As for the insurrection’s bigots — fascist gangs like the Proud Boys, various militias, lone-wolf anti-Semites, and disgruntled veterans — they too are unlikely to dial it down. Many of them have criminal records, some of it ongoing; they are outlaws, and by connection with one another appear to revel in outlaw status. Curiously, many Proud Boys are Latino. Their bigotry is not as universally “white supremacy” as some on the left want to tag them. Nonetheless, the Boys stand shoulder to shoulder in insurrection with anti-Semites, neo-nazis, and haters of Black Americans, and I give them, no pass at all for being “inclusive fascists.” We will have to fight all of these folks by all means legal and social, and maybe worse, for quite a while before the stench of Trumpism is cleaned from our national wardrobe.

—- Mike Freedberg / Here and Sphere



One wants not to allow that the color of a person’s skin ranks one in American society. Yet as Curtis Mayfield, America’s greatest poet of the past 60 years, wrote, “if you had a choice of colors, which one would you choose, my brothers ?”

Mayfield was not wrong to write that line, or to sing it in that plaintive voice of moral force. He was an American; and here, in America, the federal republic framed upon the equality of all, the color of a person’s skin has more often than not been an exception to foundational principles. I do not talk of slavery, an obvious derogation — one which occupies the minds of far too many reformers who prefer basking in past wrongs to a hard-fought future — because slavery was abolished for good 155 years ago. I speak of the situation since that time. The equality of all is written into the Fourteenth Amendment, a covenant affirmed by the Civil War deaths of hundreds of thousands of us. Either we keep our solemn promises, or we fail ourselves and those to whom these promises were made. That the Fourteenth’s promises were made 153 years ago, by our great-great-great grandfathers who we never knew, is no excuse for evasion now. The Constitution continues to exist, and all who seek office under it, or to be licensed as a lawyer, swear an oath to uphold those promises. I get that honoring Constitutional promises is constant work, every minute of every day, because the Constitution provides no time-outs. Its promises can’t take a bye week. Understandably some of us slack, just as the Jews of Biblical times, so we read in the Bible, constantly backslid on their covenants with God. Covenants of any kind are hard to keep.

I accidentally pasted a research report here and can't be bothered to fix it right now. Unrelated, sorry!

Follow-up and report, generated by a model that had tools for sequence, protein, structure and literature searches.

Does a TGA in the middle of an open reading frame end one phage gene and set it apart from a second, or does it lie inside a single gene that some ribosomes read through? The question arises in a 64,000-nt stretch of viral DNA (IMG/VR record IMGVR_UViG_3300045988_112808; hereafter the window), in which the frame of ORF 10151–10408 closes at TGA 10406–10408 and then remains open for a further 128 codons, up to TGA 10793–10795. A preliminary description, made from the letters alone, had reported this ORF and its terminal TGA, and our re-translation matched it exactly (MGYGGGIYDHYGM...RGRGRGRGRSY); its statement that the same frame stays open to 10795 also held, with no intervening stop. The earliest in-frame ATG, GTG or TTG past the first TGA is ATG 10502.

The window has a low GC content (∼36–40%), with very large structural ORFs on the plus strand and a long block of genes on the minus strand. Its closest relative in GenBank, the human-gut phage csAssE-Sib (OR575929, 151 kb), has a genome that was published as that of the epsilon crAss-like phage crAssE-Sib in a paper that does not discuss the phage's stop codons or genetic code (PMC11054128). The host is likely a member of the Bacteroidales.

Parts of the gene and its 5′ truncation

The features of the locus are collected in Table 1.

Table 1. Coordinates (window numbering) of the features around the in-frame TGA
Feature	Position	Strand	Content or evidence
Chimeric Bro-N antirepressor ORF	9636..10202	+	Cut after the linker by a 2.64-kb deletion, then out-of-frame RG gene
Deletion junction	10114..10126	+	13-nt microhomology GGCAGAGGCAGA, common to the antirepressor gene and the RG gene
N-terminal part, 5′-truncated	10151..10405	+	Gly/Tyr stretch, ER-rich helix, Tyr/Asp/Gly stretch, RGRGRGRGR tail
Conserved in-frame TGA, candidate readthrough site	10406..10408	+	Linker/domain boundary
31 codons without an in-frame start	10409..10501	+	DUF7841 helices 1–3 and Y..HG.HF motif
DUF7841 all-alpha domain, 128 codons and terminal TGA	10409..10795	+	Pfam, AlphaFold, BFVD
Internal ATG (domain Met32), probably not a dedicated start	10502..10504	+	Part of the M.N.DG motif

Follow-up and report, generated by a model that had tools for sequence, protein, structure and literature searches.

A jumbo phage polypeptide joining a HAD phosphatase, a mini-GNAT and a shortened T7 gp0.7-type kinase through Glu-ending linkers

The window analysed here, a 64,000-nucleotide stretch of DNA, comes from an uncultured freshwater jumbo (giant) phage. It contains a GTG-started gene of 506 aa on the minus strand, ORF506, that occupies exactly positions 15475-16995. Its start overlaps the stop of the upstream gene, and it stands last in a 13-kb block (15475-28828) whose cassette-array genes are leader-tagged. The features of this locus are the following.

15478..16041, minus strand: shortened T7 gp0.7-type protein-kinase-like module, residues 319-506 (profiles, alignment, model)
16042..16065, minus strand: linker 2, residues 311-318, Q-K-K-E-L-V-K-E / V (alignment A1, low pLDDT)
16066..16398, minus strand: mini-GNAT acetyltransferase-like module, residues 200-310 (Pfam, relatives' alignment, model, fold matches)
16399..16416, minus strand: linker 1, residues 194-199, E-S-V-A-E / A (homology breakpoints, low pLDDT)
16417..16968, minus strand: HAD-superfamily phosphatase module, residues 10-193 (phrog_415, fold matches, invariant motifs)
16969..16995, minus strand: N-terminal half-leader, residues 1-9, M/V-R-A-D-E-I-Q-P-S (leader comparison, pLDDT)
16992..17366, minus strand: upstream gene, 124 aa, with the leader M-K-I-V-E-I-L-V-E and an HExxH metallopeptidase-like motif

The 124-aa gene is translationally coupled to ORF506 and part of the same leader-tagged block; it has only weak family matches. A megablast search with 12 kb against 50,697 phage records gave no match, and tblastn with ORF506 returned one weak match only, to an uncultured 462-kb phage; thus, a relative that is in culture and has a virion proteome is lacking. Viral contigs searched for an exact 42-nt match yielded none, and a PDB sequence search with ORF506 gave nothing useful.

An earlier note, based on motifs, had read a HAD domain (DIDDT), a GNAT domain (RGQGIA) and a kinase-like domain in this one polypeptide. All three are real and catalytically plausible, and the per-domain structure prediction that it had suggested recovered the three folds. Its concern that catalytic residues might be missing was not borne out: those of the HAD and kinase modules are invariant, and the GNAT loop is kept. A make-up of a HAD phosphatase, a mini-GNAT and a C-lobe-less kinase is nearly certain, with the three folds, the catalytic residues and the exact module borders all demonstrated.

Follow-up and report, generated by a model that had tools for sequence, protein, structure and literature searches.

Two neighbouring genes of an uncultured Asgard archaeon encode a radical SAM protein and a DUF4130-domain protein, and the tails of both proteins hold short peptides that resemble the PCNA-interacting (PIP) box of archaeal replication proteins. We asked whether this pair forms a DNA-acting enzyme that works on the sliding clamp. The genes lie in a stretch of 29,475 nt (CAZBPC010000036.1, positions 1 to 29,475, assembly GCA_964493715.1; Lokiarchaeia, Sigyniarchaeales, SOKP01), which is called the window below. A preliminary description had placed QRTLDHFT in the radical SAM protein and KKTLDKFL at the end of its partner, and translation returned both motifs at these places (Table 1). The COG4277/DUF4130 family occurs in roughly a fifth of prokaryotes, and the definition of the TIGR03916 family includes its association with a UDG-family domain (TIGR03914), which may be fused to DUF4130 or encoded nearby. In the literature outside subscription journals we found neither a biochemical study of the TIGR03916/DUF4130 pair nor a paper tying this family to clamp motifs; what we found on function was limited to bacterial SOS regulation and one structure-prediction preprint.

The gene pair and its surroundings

And so I come to the question asked in my headline. It is one that Black friends of mine often pose in online discussions. “Black Americans have so often done the grunt work of lifting America up. We love this country. We prove it every day. Why doesn’t it love us back ?”

Why, indeed. My own view is that the honor roll, of heroes who have dark skin is long, very long, very honorable, very inspiring; just last week we saw a Black Capitol policeman, Eugene Goodman, face down a mob — a vulgar racist mob — all by himself and thereby saved our democracy. I would place him high on that honor roll, alongside tens of thousands of Black veterans and political leaders, thousands of pillars of society despite every obstacle, indeed just about every Black American, including those who toil for inadequate wages or who risk their lives as health care workers; because every Black American either has been disrespected — often — or knows that he or she, even if never yet disrespected, can be disrespected at any time, in any place. We see it happen, and brutally, now that online brings daily wrongs against Black Americans virally into every news feed. Were these sorts of loveless encounter to happen to the rest of us, we would rise up in anger, and justifiably. Crap is crap, and if you lay crap on another, do not be surprised if you get a face full of spit in return. And if you nod agreement with what I wrote, why is a Black American not fully entitled to the same degree of anger at being dissed ?

That said, of course we cannot go around, not any of us, wreaking anger upon one another. That does no one any good. We have to tough it out; to bear the unbearable, using the vote to oust from power those who abet or tolerate violations of Constitutional promises.

All of the above is easy to write. The actual situation is far from easy. In an America harshly polarized by political party, 85 to 90 percent of Black voters choose one party, a majority of white Americans the other. And so partisan politics segregates despite the written promises we have made to each other. Observers accused Trump supporters of trying to void the votes of Black voters, but what they were seeking to void was the votes of Democratic voters. Trump people were, I am sure, quite happy to have Black voters vote for Trump, and some in fact did so. Party polarization is the new segregation.